Angela Rayner's seven point plan for workers' rights sets Labour up for key battle with Tories - if the party's got the stomach for it

Tomorrow is the first real test of how bold Labour are prepared to go in this conference season - possibly the last before the general election.

Two hundred miles north of Westminster in Liverpool, the party's deputy leader Angela Rayner will tell the Trades Union Congress about plans to strengthen workers' rights and union rights, which in the past has been one of the most kinetic and controversial parts of Labour's policy agenda.

The tone she takes, the content she emphasises and the measures she includes - and leaves out - will reveal much about whether, behind the scenes, Labour is really as confident as it wants to project.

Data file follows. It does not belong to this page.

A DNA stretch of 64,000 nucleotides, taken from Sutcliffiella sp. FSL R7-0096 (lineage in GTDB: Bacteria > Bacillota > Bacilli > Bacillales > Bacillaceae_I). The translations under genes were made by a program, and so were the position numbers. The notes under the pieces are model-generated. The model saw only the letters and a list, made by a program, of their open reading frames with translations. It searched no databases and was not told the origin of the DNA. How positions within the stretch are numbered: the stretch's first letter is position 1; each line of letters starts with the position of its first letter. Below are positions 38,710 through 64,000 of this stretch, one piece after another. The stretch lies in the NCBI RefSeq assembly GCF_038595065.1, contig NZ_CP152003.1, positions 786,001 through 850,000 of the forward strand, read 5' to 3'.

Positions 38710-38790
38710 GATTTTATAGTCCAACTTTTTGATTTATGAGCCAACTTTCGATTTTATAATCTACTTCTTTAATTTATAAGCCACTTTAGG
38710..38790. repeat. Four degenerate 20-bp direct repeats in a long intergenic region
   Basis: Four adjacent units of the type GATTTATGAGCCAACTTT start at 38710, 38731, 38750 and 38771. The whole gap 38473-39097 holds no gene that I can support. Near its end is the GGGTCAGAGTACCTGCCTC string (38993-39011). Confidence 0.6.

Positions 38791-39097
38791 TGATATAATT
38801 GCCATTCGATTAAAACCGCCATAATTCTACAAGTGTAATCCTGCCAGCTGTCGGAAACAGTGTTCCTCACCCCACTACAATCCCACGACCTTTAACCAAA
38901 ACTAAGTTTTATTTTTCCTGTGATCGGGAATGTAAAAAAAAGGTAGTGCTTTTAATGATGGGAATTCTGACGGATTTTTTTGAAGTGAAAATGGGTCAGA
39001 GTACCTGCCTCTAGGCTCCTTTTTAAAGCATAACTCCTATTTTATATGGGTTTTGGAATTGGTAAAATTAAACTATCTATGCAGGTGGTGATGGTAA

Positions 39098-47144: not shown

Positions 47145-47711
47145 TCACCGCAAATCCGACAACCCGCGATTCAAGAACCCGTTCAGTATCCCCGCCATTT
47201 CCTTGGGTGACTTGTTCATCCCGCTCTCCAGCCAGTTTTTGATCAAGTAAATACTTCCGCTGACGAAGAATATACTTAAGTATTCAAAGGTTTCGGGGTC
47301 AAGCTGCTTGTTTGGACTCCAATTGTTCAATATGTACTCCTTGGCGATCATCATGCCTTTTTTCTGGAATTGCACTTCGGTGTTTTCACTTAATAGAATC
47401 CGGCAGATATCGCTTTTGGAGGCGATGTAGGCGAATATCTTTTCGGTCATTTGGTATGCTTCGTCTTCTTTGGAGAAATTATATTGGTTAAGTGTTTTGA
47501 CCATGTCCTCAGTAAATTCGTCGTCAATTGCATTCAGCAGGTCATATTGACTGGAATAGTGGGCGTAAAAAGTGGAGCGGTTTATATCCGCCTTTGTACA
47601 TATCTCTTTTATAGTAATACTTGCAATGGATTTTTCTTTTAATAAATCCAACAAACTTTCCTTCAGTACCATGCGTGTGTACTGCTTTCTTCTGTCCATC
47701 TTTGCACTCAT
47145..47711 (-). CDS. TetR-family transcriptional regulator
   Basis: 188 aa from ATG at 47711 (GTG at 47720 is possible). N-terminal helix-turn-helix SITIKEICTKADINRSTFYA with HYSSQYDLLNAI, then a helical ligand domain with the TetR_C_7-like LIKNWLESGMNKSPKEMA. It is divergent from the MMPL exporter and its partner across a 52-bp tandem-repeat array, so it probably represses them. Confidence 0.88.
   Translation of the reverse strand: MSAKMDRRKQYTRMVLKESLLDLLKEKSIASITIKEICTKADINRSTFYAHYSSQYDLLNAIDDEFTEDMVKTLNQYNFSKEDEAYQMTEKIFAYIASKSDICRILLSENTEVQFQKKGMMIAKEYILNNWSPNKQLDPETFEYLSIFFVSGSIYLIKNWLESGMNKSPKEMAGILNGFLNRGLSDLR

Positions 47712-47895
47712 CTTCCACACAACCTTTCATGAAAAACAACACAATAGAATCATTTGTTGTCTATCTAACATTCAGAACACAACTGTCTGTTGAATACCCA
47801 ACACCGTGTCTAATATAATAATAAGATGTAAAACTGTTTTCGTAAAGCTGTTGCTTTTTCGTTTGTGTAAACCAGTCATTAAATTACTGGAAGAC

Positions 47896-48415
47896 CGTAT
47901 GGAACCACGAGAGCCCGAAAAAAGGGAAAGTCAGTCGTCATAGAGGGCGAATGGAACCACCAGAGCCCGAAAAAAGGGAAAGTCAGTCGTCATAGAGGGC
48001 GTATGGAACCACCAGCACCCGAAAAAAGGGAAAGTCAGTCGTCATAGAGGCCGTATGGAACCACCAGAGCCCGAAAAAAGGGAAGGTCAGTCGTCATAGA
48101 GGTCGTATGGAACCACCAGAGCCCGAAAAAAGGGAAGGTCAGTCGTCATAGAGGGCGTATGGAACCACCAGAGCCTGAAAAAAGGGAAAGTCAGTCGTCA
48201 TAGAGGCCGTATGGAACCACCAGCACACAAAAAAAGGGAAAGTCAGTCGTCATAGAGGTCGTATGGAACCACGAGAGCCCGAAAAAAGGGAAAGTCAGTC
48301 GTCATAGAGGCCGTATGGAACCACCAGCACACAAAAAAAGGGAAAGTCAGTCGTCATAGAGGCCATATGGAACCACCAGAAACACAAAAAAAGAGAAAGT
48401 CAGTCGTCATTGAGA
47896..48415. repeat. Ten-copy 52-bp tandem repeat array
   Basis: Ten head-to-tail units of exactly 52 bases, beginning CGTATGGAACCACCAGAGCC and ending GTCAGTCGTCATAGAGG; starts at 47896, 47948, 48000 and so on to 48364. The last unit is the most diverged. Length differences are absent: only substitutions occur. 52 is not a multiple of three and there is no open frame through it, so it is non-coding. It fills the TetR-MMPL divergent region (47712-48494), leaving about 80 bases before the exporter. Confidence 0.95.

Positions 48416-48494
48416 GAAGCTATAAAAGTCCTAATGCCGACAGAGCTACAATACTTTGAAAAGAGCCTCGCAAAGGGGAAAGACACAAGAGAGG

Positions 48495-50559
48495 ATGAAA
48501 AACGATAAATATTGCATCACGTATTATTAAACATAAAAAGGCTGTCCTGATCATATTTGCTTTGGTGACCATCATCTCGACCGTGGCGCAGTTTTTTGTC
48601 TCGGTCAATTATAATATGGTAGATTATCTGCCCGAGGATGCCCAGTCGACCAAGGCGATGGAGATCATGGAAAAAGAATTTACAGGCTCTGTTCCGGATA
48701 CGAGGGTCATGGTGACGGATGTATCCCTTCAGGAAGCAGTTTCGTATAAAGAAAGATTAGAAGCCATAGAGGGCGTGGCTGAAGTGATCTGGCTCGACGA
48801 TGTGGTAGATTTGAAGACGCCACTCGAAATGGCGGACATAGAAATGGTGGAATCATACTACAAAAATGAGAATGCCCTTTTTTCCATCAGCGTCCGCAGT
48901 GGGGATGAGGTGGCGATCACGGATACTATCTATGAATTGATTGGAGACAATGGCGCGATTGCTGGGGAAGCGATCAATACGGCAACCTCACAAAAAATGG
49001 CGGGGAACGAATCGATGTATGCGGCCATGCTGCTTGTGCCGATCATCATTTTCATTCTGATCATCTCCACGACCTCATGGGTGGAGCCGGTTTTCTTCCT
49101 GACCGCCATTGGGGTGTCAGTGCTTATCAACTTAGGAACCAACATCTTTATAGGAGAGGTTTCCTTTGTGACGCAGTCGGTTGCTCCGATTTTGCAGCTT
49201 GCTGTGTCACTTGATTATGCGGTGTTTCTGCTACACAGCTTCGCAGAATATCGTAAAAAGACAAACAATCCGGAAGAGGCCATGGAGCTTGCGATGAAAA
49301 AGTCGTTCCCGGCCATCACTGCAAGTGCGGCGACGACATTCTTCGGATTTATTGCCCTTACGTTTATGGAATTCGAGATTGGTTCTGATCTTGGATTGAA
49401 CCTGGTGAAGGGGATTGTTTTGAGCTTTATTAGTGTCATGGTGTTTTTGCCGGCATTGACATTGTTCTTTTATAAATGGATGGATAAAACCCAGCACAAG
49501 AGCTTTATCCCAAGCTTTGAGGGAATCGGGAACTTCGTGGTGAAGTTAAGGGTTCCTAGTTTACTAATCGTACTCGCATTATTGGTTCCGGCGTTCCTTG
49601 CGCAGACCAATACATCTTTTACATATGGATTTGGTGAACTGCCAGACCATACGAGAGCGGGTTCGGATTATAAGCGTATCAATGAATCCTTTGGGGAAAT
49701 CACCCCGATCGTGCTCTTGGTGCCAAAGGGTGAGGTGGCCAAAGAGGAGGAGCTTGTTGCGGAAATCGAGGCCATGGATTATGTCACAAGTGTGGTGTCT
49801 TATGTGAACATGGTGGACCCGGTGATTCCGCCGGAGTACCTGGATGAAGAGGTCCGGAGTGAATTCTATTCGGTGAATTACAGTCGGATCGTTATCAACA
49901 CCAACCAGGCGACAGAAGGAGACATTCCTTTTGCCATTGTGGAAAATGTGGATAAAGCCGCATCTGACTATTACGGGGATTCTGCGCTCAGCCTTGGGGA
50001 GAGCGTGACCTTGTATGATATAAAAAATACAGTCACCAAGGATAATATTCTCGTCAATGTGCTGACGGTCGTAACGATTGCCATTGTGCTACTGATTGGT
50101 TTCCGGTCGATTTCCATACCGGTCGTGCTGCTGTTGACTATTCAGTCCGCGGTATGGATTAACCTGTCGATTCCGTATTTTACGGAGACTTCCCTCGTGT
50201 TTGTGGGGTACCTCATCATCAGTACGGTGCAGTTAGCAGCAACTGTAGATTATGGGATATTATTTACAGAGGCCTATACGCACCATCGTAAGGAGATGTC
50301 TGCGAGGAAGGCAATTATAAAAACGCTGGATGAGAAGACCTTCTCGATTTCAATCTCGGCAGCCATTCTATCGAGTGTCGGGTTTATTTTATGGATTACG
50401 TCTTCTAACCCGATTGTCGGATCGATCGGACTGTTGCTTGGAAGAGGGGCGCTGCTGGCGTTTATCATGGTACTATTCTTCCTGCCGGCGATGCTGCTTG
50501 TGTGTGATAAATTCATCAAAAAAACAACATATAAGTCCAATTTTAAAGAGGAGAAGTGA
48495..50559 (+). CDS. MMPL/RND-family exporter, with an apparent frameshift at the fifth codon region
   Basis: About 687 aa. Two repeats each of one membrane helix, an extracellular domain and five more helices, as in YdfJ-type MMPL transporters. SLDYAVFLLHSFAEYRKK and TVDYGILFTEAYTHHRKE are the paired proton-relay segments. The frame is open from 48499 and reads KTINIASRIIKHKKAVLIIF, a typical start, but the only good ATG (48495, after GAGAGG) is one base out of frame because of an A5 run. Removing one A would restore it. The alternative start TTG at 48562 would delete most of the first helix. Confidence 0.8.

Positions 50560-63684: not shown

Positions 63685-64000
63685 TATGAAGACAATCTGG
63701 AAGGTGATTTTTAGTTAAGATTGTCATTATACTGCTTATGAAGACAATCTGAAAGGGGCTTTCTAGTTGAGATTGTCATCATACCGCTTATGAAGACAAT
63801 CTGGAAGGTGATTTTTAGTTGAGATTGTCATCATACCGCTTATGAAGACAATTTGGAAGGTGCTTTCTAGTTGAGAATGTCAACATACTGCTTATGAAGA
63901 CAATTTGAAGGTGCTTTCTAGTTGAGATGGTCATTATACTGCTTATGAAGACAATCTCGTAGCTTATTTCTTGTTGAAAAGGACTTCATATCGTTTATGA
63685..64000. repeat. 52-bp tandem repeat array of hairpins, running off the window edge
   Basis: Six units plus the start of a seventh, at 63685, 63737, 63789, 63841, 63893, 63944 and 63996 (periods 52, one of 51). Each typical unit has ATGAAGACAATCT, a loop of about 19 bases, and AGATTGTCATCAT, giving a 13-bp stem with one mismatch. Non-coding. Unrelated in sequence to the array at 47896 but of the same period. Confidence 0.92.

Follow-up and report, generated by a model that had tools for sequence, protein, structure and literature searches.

Should Labour choose, this could be one of the most fundamental diving lines of the next election and a key part of Labour's template for change - opening clear red water between them and the Tories and nudging the national consensus towards workers and away from employers after 13 years of drift in the other direction under Tory rule.

It includes the first steps in the return to mass collective bargaining and a new right to ignore bosses at weekends.

Yet the spin from the top is reassurance, not revolution.

"We want a return to a New Labour settlement on trade union laws. This is about a new working partnership with the unions," a Labour source told Sky News.

"The New Labour settlement - which had near zero strikes - is our aim," they added - language designed to appeal to business leaders not appease union barons.